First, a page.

Characterisation and Stability of the Organic Matter of the Plaggic Anthrosols from Central Europe, Northwest and North Russia.
Olga Kalinina1, Oleg Chertov1, Marina Nadporozhskaya1, and Luise Giani2. (1) St.Petersburg State Univ, Oranienbaum Road 2, St.Petersburg, Russia, (2) Carl von Ossietzky Univ, Carl von Ossietzky Strasse, Oldenburg, 26111, Germany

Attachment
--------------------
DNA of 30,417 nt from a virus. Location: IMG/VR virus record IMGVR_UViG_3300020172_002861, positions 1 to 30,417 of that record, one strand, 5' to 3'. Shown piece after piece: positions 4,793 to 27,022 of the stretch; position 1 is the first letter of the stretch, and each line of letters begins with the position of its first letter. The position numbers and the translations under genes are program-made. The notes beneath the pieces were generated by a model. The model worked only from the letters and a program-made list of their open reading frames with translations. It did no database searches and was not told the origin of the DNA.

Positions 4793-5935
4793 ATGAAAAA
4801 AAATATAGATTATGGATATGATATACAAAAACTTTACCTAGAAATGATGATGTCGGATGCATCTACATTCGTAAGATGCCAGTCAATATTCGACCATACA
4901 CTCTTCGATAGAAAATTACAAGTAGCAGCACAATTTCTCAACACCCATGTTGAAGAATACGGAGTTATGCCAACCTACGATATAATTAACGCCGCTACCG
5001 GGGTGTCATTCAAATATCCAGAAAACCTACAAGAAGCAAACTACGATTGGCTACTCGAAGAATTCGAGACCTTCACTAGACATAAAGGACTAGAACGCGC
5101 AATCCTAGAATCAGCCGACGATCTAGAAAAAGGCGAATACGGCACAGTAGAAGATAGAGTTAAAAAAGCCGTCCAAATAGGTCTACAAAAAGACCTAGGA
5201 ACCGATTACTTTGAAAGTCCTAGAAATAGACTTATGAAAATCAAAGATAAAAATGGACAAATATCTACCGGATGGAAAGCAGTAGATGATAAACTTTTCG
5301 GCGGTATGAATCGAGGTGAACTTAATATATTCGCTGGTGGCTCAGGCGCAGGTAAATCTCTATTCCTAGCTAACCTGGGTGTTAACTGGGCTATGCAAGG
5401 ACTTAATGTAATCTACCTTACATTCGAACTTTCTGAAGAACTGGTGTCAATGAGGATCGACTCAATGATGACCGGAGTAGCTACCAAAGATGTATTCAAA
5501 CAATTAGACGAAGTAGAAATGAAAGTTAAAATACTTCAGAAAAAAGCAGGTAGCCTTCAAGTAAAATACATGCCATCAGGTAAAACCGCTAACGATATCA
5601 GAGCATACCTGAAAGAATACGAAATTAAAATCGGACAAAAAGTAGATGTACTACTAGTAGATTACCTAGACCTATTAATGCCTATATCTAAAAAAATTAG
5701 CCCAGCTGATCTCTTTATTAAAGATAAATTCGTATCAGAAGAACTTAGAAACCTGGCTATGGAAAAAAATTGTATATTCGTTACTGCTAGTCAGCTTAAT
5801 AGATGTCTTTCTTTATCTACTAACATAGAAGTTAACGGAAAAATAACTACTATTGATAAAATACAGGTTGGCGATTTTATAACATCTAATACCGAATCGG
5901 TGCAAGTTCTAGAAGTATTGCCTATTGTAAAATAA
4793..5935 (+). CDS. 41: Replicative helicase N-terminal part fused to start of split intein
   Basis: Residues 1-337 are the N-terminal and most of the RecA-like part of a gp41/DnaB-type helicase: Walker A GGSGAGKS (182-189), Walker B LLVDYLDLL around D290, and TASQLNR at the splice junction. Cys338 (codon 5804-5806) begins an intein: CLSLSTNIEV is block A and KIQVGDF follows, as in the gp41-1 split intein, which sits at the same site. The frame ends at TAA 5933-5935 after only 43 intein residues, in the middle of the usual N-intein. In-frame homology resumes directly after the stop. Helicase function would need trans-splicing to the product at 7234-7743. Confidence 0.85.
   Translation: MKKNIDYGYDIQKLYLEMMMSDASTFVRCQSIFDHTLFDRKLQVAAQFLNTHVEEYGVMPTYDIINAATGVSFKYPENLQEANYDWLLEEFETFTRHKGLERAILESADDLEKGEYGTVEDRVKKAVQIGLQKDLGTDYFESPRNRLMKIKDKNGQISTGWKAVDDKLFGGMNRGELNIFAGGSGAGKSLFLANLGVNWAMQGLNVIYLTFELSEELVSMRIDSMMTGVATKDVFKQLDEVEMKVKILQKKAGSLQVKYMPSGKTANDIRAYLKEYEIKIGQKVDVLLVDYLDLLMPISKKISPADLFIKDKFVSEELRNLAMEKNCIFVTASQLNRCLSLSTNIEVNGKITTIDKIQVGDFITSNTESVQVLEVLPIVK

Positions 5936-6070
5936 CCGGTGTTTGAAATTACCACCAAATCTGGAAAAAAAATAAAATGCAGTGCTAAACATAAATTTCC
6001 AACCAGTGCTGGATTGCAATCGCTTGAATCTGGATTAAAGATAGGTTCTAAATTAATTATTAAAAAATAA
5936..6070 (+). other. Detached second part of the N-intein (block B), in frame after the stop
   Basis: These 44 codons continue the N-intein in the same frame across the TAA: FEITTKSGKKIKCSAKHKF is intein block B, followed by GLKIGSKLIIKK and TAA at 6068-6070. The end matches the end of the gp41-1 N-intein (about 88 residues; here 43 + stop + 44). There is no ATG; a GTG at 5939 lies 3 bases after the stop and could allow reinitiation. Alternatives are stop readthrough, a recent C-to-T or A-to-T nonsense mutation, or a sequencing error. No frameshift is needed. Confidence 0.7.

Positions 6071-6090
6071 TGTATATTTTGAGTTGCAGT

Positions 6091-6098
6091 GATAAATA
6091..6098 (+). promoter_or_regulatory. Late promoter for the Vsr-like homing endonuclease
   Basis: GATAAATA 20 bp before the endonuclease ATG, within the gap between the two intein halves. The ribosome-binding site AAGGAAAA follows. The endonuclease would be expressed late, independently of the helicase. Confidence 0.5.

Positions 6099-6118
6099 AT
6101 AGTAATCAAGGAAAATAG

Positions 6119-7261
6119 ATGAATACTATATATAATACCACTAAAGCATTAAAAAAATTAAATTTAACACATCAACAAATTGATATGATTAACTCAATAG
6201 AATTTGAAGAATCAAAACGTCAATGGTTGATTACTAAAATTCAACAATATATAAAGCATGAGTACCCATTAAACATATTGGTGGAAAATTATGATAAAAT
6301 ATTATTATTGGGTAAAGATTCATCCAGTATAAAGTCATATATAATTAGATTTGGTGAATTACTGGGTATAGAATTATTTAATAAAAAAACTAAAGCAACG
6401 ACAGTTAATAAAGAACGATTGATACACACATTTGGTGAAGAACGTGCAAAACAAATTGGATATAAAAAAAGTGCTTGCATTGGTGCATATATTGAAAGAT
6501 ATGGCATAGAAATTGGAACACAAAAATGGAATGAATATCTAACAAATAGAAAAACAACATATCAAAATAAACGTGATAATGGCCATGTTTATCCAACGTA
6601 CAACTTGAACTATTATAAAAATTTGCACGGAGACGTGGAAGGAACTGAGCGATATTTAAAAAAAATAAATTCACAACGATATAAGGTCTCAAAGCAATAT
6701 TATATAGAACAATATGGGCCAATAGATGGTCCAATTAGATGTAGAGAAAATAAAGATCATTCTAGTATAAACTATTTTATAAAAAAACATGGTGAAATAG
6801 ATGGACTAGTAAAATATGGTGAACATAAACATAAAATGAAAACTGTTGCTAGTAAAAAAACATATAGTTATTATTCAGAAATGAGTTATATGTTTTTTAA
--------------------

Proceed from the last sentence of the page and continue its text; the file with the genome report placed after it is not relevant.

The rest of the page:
The study focuses on the characterisation and stability of organic matter of Plaggic Anthrosols. Three Plaggic Anthrosols from Northwest Europe (Oldenburg), Northwest Russia (St. Petersburg) and North Russia (Arkhangelsk) have been investigated comparatively. The Plaggic Anthrosols of this study are humus-rich with 17.1-26.8 g kg-1 total organic carbon (TOC) or 3.4-5.3% soil organic matter (SOM) in the plaggic epipedons. The mean C/N ratio of the Oldenburg Plaggic Anthrosol was 21, that of St. Petersburg 17 and of Archangelsk 13, indicating a long-term use of heather sods in Oldenburg and the use of N-rich bog peat in Russia, respectively. Different SOM qualities are also shown by the C/N ratios in the grain size fractions and IR spectra, showing the occurrence of keto- and carboxyl groups only for the Oldenburg soil and amides for the Russian ones, exclusively. The HCl-resistant OC, representing the non-active OC fraction, was relatively high, amounting to 49.3-75.1% of TOC (61.5% in mean) in the plaggic epipedons. Because of large amounts of pyrogenic C significantly larger amounts of the non-active OC fraction were found in the St. Petersburg soil. The H2O2-resistant OC, representing the charcoal, was 3.5-21.0% of TOC. The HF-soluble OC, representing the mineral-bound C fraction, was 7.0-50.5% of TOC, lowest amounts, even below detection limit, was found in the St. Petersburg soil. The investigation of OC in the grain size fractions resulted in highest OC concentrations in the fine silt and clay size separates; Decreased OC concentrations in the sequence Oldenburg, Arkhangelsk, St. Petersburg are related to decreased duration of the plaggen fertilisation management in the same sequence. The OC contents of the heavy fraction (>2 g cm-3) was frequently about 40% of TOC, consisting of large amounts of polysaccharides. Neither the IR spectra nor the investigated OC fractions show a changing pattern with increasing depths of the plaggic epipedons. Although the Plaggic Anthrosols show differences in some OC fractions and OM qualities, they have high proportions of very stable constituents, presumably caused by the long-term plaggen fertilisation management.